In his op-ed published Oct. 23, Singer ripped into Fink: “This blatant attempt to stack the deck in the matter of the Uptown Democratic Club’s friendly endorsement in the 39th Senatorial District race by the Toni Atkins campaign is unconscionable and insulting, especially considering the fact that the club bent over backwards to be fair to the assemblywoman. Assemblywoman Toni Atkins, your campaign is not going to bully the Uptown Democratic Club.”

Two members of the Uptown Democratic Club count ballots, observed by representatives of Toni G. Atkins (far left) and Marty Block (far right). (Photo by Ken Williams)

Two members of the Uptown Democratic Club count ballots, observed by representatives of Toni G. Atkins (far left) and Marty Block (far right). (Photo by Ken Williams)

At the Oct. 27 meeting, Atkins told club members that she “takes full responsibility” for what happened. “I know some people are upset,” Atkins said, apologizing.

Later, Block blasted Atkins over “patio-gate,” saying that “I don’t buy seats on clubs just to win endorsements.”

On the other big issue, Atkins defended her run against a Democratic incumbent, stressing that Block told her years ago that he would not run for re-election. Jess Durfee, a Democratic National Committee member from San Diego who is supporting Atkins in this race, told fellow club members that Block also told him that he would be a one-term senator.

“I stepped aside four years ago so that Marty could run,” Atkins said.

Block did not deny that he said that he wouldn’t run for a second term, and one of his supporters told club members that people change their minds all the time.

One club member, who was so upset that she had tears in her eyes, expressed her concern that the race was dividing Democrats. She said that the costly contest would take money away from other Democrats who are fighting to get elected against Republicans. She expressed her fears that the drain on money in the Senate race could cost Democrats a majority on the City Council, for example.

Both candidates indicated that they each might have to spend more than a million dollars to wage a successful campaign.

“This race is going to November [2016],” Block warned. “The Republicans are thrilled about this. They love it when we take money away from other races.”

Just prior to the endorsement vote, Singer allowed several prominent club members to speak on behalf of their chosen candidate. Termed-out City Councilmember Todd Gloria, who hopes to replace Atkins in the Assembly, endorsed Atkins. Nancy Casady of the La Jolla Democratic Club said Block wields influence in the Senate and that Atkins would be just a new face there. Durfee called Casady’s comments naïve, saying that Atkins as Speaker of the Assembly has worked with Senate leaders to craft many bills. “They will know her on day one,” Durfee retorted.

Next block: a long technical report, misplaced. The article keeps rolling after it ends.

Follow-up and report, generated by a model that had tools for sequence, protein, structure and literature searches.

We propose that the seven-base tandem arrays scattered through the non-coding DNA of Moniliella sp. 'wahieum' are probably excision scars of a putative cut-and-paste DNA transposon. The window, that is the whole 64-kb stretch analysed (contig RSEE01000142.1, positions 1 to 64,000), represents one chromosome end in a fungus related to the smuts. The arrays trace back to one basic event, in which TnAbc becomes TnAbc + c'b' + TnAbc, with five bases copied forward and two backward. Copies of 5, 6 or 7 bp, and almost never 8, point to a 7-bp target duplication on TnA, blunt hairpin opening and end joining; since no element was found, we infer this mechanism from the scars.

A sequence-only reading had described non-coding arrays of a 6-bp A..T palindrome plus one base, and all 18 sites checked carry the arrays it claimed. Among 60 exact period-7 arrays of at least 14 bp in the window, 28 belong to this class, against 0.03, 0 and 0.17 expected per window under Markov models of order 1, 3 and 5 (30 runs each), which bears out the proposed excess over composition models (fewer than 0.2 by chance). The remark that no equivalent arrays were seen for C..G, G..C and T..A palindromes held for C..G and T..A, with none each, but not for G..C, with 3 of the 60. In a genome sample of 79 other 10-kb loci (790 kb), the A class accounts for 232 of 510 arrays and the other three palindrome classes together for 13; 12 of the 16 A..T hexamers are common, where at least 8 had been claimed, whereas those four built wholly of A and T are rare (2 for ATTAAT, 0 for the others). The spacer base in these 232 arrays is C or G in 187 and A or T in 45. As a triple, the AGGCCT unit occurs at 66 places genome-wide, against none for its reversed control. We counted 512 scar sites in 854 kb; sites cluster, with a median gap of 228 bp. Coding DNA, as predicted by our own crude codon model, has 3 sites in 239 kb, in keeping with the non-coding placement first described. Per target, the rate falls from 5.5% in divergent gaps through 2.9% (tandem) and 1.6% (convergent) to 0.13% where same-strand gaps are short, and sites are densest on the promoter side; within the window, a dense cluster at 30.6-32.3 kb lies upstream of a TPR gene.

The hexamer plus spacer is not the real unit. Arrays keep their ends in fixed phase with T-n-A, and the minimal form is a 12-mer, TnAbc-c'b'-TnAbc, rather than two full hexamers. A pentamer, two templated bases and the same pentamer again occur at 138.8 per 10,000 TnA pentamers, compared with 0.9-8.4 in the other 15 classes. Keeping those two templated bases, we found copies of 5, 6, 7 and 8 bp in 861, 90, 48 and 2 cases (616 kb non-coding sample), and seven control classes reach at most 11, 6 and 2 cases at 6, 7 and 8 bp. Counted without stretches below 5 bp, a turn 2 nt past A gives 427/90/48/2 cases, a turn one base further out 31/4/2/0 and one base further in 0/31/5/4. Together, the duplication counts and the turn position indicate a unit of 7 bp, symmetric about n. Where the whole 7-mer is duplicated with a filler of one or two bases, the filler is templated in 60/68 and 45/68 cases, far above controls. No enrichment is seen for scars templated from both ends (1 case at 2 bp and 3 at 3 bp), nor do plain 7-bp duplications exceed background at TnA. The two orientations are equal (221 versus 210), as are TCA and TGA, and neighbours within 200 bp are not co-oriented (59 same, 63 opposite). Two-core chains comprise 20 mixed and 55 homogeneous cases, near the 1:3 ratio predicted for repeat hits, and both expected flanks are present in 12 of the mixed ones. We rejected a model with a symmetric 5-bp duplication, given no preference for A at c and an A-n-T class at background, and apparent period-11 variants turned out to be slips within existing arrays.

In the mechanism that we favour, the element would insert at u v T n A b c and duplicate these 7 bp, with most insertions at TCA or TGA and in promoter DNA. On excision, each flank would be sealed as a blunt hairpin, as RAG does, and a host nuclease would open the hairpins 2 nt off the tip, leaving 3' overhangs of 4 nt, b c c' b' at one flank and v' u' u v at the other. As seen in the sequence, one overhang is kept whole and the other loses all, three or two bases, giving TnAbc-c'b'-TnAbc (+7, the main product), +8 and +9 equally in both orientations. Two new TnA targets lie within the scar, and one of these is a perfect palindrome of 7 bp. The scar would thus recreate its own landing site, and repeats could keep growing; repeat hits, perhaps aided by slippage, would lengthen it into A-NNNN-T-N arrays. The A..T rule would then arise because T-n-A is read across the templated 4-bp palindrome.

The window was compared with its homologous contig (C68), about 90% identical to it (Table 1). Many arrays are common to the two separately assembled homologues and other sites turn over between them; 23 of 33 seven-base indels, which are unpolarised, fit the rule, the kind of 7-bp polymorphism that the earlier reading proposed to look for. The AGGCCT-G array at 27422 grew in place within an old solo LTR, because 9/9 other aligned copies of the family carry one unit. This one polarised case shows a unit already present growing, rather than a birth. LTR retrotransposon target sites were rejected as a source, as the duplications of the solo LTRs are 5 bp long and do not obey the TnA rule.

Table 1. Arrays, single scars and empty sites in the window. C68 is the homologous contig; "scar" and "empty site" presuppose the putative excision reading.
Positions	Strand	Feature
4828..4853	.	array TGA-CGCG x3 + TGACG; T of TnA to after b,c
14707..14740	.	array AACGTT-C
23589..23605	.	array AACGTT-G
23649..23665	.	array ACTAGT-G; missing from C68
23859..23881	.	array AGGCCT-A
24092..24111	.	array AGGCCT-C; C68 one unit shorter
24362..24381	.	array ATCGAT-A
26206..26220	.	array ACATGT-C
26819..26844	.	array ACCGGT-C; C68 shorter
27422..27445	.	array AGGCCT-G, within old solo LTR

Then it came time to vote. Members could vote for Atkins, Block or “no endorsement.”

Two club members counted votes with two witnesses representing the candidates. Fink witnessed for Atkins. An endorsement required 60 percent of the votes.

A hush came over the room as the votes were counted out loud. Block got 25 votes, and Atkins got 17 votes. Nobody voted for “no endorsement.” But Block only got 59.5 percent, just shy of the requirement.

By club rules, the lowest vote-getter is dropped off the ballot. Atkins was out.

The second round of voting was between Block and “no endorsement.” Again, the room was quiet as the votes were counted. Block got 26 votes and “no endorsement” got 15 votes. One ballot for Atkins was thrown out, since Atkins was no longer a choice. Block won the endorsement with 63.4 percent of the votes.

So go back to those 25 people who Fink had submitted for membership, by dropping off a check on that patio table. Had the Uptown Democratic Club accepted those 25 Atkins supporters, Atkins likely would have won the endorsement on the first ballot. Assuming that all 25 people would have showed up at the endorsement, Atkins would have had 42 votes to Block’s 25 — or 62.7 percent of the vote.

Speaker O’Neill was so right. Politics is local.

Ken Williams is editor of Uptown News and Mission Valley News and can be reached at ken@sdcnn.com or at 619-961-1952. Follow him on Twitter at KenSanDiego, Instagram account at KenSD or Facebook at KenWilliamsSanDiego.